(p. xxi) Preface
(p. xxi) Preface
The term ‘Anglo‐Saxon’—a ninth‐century construction in origin—has come to be used as a convenient label for a characteristic material culture, the geographical area within which it is found (broadly corresponding to modern‐day England), and a chronological period defined by historical events, namely c.410–1066. The purpose of this volume is to review the role of archaeology in creating an understanding of the seven Anglo‐Saxon centuries.
The very long tradition of scholarly study of surviving Anglo‐Saxon texts, which offer a compelling picture of the chronology, history, and significant social, political, economic, and religious events of the period, has now been augmented by systematic excavation and analysis of physical evidence—settlements, cemeteries, artefacts, environmental data, and standing buildings. Antiquarian recognition of Anglo‐Saxon remains, surviving either as churches or as features in the landscape such as embankments or barrows, were traditionally interpreted in the light of written sources and culturally‐defined assumptions about the Anglo‐Saxon past; the florid portrayals of noble but ignorant barbarian ancestors by Victorian novelists represent the popular, and to some extent enduring, public face of such interpretations.
Analysis of artefacts, followed by systematic excavations in the 1920s and 1930s, at first of cemeteries and then of settlements, began to show that archaeology confirmed some readings of the Anglo‐Saxon literary and documentary sources and challenged others. In the second half of the twentieth century, large‐scale open‐area excavations both in towns and in the countryside put archaeology onto a new footing. The application of computer methods to large bodies of data, new techniques for site identification such as magnetometry and ground‐penetrating radar, new dating methods such as dendrochronology, and new means of metallurgical, geochemical, x‐ray, and mineral investigation, have affected archaeology in general, including that of the Anglo‐Saxon period.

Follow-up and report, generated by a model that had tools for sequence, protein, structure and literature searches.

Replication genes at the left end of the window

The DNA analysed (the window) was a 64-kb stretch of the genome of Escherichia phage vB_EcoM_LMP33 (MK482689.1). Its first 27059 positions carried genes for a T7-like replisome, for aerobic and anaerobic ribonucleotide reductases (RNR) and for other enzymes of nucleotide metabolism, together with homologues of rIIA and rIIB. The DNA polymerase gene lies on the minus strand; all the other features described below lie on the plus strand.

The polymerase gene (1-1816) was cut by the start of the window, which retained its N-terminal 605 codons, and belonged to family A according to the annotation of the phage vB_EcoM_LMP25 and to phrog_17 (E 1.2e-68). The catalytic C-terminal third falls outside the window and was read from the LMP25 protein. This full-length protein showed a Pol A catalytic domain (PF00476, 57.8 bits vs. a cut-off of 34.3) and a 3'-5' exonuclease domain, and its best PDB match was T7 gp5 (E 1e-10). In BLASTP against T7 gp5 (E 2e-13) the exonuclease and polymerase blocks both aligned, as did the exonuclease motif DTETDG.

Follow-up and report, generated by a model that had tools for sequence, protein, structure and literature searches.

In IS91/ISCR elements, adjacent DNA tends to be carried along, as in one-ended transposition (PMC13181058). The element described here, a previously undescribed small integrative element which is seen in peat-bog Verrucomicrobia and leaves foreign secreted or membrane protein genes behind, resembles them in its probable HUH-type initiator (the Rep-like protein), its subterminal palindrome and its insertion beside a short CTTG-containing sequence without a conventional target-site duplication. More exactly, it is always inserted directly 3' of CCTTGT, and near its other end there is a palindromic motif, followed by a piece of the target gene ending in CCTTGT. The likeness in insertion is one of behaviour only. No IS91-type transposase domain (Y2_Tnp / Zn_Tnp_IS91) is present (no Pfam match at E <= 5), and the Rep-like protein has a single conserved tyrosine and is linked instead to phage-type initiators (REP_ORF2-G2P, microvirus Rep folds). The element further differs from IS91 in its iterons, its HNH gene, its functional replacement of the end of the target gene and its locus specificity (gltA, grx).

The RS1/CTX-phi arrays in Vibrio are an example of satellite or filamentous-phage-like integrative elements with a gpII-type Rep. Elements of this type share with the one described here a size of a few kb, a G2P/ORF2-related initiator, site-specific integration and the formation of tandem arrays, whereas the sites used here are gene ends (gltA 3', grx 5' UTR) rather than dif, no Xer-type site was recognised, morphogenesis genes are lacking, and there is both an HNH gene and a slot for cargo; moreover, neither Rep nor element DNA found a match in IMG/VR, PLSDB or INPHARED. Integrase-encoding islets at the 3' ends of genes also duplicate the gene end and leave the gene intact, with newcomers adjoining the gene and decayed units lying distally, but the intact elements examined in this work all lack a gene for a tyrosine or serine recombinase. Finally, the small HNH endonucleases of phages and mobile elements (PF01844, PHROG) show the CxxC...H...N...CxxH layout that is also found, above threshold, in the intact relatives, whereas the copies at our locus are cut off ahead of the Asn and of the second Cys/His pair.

This volume demonstrates how the study of Anglo‐Saxon society through its material remains provides new insights, as well as contextualization, support, and qualification of our readings of the written sources. The archaeology of Anglo‐Saxon England has also provided an important testing ground for new theoretical approaches, notably those that seek to bridge the gap between archaeology and history. The Anglo‐Saxon world's position at the interface between the historic and (p. xxii) prehistoric provides a fruitful body of evidence for evaluating new approaches within the archaeological discipline.
Many studies of Anglo‐Saxon England have of course been made, but it is over thirty years since the last multi‐author compendium of its archaeology appeared (Wilson 1976); we are grateful to several of the contributors to that book for their enthusiastic support for the production of this one. Many of the chapters in this Handbook pay tribute to this predecessor, using it as a starting‐point for their discussions. A key difference is that we have asked for discussions as much as for syntheses of current knowledge. Authors were encouraged to highlight current approaches and debates in order to stimulate and support further research, while the writers of ‘Overviews’ were asked to explore key themes and arguments running through individual parts. Like others in the same series, this volume is not intended to be a practical handbook or an encyclopaedic compendium but rather to concentrate on those aspects of Anglo‐Saxon life and culture which archaeology has fundamentally illuminated. Topics at the forefront of research in the 1970s, such as ceramics, sculpture, and manuscript art, are here not presented as separate chapters, but are embedded within thematic considerations of style, identity, craft, economy, and the broader world of Anglo‐Saxon material culture. Constraints on space (the volume in its present form contains over fifty contributions), as well as principle, have determined the structure and contents of the volume; in particular, the wider European—notably Irish, Welsh, Scottish, and Scandinavian—context would ideally have received more extended treatment (for which see Graham‐Campbell 2007). It is a testament to the flourishing state of Anglo‐Saxon archaeology that even a volume of this size cannot cover every aspect of the subject.
That flourishing state stems partly from discoveries made in the last thirty years. Remarkably, the location of the trading sites at both London and York, attested in documents, had not been revealed archaeologically by 1976 (Pestell, Hall, this volume). Interest in the redevelopment of urbanism has been greatly stimulated by such work, most of it caused by modern pressures and much of it on a large scale—Planning Policy Guidance 16 has been fundamental in changing access to and financing for excavations. The quantity and scope of the archaeological evidence emerging as a result of PPG16, for example through excavation of sites where gravel extraction is practised, have changed the scale of our observations, as larger slices of the Anglo‐Saxon landscape are revealed. Research excavations have been less prominent over recent years, however, as the cost of excavation and conservation, particularly of early cemetery sites, have soared: the emphasis is on preservation in situ unless a site is threatened.